Fighting Austerity’s ‘New Wave’
After the Johnson administration’s cynical conciliation with the ‘Red Wall’, and the punitive overcorrection of the Truss disaster, austerity has once again assumed its central place in British politics. The Tory government warns of ‘difficult decisions’ and ‘spending reductions’1 the Labour front bench stresses the need to be ‘fiscally disciplined’; the press predicts a ‘new wave of…
Transphobia and the Break-Up of Britain
It should come as no surprise that the UK’s most visible victimisation of a marginalised group at present – the war on trans rights – should become so intertwined with the fight to suppress secessionist movements in the state’s peripheries.
The popularity of the Welsh language
The Welsh language appears to be very popular these days. Particularly thanks to this year’s World Cup, where the FAW’s adoption of ‘Yma O Hyd’ has helped catapult Cymraeg to a degree of prominence hitherto unforeseen, prompting a curiosity about Welsh culture and history that reaches far beyond this country’s borders.
No more princes, no more masters
In the days following the death of Elizabeth II, it would appear that Wales is far from immune from the hysteria surrounding the British monarchy’s transition from one figurehead to another.
Preaching to the Choir
It’s bizarre that there is widespread shock at this forthright admission of zeal for class war and wealth transference, for such sentiments are demonstrated acutely in every political project the Tories have embarked upon since 2010.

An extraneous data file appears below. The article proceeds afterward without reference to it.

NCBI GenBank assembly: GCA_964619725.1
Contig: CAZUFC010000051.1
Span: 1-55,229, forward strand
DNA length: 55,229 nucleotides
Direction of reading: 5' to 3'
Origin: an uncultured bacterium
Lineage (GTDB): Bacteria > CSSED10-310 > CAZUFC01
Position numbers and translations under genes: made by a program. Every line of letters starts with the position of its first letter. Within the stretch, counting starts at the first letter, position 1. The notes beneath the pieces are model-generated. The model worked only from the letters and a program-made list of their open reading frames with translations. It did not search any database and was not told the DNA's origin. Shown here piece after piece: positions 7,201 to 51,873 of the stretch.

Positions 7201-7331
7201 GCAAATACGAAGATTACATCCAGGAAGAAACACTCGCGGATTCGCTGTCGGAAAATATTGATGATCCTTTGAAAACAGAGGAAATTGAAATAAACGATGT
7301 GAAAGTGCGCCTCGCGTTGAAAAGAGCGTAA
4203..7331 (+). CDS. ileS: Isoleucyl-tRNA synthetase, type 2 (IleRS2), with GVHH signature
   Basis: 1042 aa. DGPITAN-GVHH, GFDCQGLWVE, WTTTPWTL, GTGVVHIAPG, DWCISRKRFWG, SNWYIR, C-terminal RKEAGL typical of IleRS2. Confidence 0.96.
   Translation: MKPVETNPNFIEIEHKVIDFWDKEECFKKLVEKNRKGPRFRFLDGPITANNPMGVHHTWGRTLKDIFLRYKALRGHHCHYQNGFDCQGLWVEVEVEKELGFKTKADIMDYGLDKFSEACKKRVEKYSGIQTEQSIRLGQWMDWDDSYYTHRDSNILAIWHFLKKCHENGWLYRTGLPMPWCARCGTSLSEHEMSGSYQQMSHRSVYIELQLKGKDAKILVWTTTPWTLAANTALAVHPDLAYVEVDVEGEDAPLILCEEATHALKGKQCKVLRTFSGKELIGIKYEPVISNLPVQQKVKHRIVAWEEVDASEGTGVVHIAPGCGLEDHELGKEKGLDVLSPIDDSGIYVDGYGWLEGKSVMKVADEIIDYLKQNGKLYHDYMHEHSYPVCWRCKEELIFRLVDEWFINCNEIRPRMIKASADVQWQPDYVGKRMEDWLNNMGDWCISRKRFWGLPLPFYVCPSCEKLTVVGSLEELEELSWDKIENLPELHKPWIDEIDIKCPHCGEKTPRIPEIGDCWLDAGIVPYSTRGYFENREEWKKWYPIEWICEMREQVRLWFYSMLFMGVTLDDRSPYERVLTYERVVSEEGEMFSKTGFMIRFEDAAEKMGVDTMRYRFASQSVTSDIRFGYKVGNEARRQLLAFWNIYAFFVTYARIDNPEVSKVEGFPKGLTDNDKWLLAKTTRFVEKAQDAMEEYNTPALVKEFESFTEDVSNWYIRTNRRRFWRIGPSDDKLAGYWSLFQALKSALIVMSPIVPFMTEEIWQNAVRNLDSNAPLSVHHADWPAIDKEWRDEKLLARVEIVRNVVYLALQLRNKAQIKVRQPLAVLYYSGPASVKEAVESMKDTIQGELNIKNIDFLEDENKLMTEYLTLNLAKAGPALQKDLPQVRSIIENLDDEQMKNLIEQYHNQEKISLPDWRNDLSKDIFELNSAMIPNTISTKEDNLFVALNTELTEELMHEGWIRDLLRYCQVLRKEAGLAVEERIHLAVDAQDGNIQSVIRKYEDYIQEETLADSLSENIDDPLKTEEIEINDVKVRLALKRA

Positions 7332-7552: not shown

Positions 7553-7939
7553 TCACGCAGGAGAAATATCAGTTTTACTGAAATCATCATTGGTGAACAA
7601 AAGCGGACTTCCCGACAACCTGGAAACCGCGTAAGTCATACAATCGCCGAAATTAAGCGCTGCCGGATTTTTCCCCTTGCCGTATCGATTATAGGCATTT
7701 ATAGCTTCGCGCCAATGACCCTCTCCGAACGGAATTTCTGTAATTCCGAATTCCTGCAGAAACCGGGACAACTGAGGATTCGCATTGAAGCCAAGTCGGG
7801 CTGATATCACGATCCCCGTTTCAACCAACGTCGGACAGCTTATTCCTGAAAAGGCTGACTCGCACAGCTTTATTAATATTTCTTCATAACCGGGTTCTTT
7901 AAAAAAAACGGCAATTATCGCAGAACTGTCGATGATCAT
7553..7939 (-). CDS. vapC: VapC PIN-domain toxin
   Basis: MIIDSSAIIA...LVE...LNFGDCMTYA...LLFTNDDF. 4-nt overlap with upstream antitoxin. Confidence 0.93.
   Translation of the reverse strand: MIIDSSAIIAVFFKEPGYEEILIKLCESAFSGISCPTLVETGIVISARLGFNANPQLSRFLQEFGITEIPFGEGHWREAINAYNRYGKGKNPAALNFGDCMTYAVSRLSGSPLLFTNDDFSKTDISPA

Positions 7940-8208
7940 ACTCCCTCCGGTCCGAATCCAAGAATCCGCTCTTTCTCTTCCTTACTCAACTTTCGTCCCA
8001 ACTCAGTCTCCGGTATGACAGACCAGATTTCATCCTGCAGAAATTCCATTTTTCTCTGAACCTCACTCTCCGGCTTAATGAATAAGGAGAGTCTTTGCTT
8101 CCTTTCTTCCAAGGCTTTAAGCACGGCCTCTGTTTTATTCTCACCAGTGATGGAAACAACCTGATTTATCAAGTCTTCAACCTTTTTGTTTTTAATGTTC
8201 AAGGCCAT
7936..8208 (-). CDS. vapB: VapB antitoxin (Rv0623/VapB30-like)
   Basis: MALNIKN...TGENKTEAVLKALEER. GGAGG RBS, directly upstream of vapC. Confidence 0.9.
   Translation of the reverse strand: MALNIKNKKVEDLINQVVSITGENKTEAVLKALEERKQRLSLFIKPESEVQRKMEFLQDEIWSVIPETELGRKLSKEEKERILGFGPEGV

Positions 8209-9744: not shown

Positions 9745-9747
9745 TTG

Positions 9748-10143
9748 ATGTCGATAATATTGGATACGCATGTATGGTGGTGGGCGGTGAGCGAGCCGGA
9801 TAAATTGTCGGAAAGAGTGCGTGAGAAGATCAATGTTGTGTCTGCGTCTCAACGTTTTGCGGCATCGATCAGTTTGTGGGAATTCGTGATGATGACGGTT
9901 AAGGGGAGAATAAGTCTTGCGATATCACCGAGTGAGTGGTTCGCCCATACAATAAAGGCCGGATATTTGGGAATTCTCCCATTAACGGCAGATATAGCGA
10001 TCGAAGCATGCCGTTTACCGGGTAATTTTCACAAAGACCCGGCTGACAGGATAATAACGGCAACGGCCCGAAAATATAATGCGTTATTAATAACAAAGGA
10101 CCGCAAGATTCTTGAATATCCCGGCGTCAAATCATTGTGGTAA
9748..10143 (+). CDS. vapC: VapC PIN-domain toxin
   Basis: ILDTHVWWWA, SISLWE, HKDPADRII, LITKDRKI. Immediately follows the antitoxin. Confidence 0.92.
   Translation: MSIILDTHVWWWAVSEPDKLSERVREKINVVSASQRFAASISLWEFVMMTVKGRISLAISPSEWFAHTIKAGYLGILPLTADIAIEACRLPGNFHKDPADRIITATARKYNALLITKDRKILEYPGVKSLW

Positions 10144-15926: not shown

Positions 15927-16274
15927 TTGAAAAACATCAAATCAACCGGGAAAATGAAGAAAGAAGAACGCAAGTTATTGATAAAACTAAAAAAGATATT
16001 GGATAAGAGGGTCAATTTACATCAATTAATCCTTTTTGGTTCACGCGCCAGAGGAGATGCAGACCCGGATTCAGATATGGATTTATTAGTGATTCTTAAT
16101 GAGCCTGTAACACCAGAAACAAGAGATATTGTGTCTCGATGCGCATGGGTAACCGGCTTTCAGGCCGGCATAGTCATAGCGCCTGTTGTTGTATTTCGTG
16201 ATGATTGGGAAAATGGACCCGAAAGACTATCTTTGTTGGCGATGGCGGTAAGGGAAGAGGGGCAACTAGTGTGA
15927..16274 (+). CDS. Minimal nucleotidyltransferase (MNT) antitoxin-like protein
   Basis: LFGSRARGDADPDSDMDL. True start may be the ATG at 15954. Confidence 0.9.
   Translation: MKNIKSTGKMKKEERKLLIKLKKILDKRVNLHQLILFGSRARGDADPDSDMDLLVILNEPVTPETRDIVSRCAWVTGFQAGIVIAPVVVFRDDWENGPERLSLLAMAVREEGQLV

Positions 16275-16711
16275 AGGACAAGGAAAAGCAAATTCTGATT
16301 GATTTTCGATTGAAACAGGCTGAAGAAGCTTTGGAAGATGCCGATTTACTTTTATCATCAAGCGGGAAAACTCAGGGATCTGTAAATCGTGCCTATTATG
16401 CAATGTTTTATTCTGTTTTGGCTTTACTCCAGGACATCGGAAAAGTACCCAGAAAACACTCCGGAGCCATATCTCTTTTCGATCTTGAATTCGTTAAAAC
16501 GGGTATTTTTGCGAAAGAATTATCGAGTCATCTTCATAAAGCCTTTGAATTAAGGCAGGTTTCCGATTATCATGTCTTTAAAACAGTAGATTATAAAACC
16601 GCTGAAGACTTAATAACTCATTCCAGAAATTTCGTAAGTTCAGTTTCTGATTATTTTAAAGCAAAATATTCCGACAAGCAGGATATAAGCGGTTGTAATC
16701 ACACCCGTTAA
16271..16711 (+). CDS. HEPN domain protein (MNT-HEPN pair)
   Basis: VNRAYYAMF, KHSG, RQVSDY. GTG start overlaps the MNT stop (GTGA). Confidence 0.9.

Imagining the thereafter, abolishing the present
If the central imperative of revolution – in its immediate phase – is to upturn wholesale the existing Order of Things, then no concepts or structures are immutable.
The deeply embedded discontentment in the collective unconscious of British culture is plainly palpable in all aspects of life in this country.
United in fragments
Only now, as the crisis phase of the pandemic fades, can we begin to comprehend the full scale of its catastrophe.
The toponyms of a region contain within them much more than a mere etymology: they also form a system of signs, a web of interconnected meanings through which we can chart societal processes.
Further notes on parliamentary sleaze and the meanings of politics
The activities of Parliament and its members, rather than being the sphere in which the distribution of the sensible is contested and defined, is instead the very place whose performances enacts its own erasure.
Political Corruption Only Hints at The Misery Caused by The State
While lobby journalists have been enraptured by politicians receiving undue influence from private interests at the expense of democratic popular consent, the underlying causes and wider consequences of this misconduct remains largely obscured.